Four observations from Germany’s 1-1 Nations League move to Italy


Four observations from Germany's 1-1 Nations League move to Italy

Germany start their UEFA Nations League with a hard-fought draw in Bologna, Italy. In a competition where Germany have never been particularly successful, they have a good opportunity to take part in a top-class European competition in the run-up to the World Cup later this year. Here are our observations on the 1-1 draw against Italy.

Both teams struggled in the last third

Germany dominated possession throughout the game and ended the evening with 67% of it. However, the German attack remained very lackluster until the 0:1. They had great build-up moments, which were always followed by a ball over the bar. This was caused by their inability to easily get the ball to a striker, so one of the midfielders (Leon Goretzka twice in five minutes) ran onto the loose ball and skydived it instead of making an extra pass.

The goal finally came after a blocked shot went wide, followed by a cross deflected off Werner’s arm and calmly put into the net by Bayern Munich’s Joshua Kimmich. Absolute madness is the only thing that got the job done.

Germany’s back four was (mostly) great

Defense chain chemistry is sometimes the hardest to find. Although they have played together before, you had four defenders from four different clubs from three different leagues playing together. This can be disastrous if miscommunicated. However, the back four held up surprisingly well and kept everything away from Manuel Neuer – whose only save was a half-hearted overhead kick that fell straight into his arms.

Unfortunately, the only shaky moment I caught resulted in Italy’s goal. The 18-year-old substitute Wilfried Gnonto was dangerous for most of the night after being substituted on. In the run-up to the goal, he was able to run past Thilo Kehrer on the wing and get to the touchline. His cross was accurate to the centimetre, but probably should have been processed by the German centre-backs. Another mistake made at that moment was to let Pellegrini come in unmarked and flick the ball into the net.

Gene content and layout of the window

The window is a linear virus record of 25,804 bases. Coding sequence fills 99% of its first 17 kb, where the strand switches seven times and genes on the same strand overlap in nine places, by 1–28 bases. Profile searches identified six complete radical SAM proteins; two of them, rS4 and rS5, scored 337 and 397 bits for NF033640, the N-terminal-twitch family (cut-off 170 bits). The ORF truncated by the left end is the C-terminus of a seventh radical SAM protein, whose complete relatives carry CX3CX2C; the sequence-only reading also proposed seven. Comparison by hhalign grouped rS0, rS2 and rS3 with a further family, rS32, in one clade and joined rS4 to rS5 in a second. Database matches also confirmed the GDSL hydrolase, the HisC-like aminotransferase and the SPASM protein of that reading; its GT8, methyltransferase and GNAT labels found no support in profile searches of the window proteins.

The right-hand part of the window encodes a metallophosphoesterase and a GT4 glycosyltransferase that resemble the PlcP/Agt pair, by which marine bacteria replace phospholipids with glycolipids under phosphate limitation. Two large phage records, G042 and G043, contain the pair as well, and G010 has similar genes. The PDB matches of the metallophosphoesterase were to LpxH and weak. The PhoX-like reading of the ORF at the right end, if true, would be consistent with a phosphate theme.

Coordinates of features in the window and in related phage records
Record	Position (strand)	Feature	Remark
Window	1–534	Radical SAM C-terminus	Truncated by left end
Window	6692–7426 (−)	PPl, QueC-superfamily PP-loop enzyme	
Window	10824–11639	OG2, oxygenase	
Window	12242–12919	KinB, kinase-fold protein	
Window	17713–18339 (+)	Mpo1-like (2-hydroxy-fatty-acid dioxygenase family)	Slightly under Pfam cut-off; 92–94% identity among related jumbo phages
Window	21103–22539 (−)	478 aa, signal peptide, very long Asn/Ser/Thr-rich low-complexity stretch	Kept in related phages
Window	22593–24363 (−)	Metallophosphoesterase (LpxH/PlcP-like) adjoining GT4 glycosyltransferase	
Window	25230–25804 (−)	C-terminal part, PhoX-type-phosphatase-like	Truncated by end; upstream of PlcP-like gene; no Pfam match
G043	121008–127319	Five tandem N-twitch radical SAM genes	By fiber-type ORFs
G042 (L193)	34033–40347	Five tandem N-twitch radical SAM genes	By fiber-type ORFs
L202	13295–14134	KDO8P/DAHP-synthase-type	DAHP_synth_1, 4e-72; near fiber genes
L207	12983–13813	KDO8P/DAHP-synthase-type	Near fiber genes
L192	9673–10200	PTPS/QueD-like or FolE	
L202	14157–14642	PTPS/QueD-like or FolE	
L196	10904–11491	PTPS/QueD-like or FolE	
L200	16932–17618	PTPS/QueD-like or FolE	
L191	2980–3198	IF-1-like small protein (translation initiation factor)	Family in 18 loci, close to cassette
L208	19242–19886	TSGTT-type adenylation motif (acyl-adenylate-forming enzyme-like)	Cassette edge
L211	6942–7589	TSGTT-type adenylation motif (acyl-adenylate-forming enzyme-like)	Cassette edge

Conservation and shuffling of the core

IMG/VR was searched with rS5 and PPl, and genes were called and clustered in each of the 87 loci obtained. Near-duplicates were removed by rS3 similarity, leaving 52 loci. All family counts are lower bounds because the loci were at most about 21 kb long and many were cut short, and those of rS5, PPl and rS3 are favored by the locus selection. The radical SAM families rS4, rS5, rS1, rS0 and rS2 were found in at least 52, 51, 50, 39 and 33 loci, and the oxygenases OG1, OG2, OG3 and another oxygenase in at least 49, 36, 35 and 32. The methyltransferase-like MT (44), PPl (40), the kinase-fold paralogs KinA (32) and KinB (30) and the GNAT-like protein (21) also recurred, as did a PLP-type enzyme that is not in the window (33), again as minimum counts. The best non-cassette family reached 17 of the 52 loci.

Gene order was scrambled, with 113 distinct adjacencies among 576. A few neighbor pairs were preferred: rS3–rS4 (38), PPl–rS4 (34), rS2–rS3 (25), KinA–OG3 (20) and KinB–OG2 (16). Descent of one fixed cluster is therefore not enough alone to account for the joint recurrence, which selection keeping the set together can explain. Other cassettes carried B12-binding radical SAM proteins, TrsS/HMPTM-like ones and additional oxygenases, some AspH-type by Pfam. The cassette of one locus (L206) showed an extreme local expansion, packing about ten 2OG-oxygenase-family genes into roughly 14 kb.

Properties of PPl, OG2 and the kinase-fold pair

Germany only woke up when it lost

Although Germany were the better team for the whole 90 minutes and had brilliant moments throughout, it was only after a shot on goal that we really felt any sense of urgency. Almost immediately after conceding, Kimmich scored and jogged right back to come back for the restart. After a quick VAR check, Germany stole the ball on the restart and were already looking for the lead in the attacking third. The ball then went out and the referee called for a cool-down break. Immediately after the break, Ilkay Gündogan got the ball into the penalty area and shot at goal, which was not cleared properly, resulting in a few more half-chances for Germany.

Unfortunately, Germany seemed to pull away again in the final moments of the game and had only one great chance left, which resulted in a corner in the last minute of added time.

Germany should have been able to beat this Italian team

Italy have made 10 changes to their squad compared to the midweek game against Italy. Although there were some notable names on the field, most would consider the fielded team to be B-squad. Even the substitutes were youngsters making their debut for the Azzurri. This Italian team, which won the European Championship last summer but was eliminated from World Cup qualifiers, is in a very different place than Germany. They look to the next World Cup cycle while Germany is still preparing for this year’s.

Flick’s eleven on Saturday shouldn’t be too far from what his starting eleven will look like at the World Cup. Although this was their first game in almost three months, Germany’s senior squad should have been able to beat this Italian side. Fortunately, Hansi Flick and his team have five months to solve these problems.

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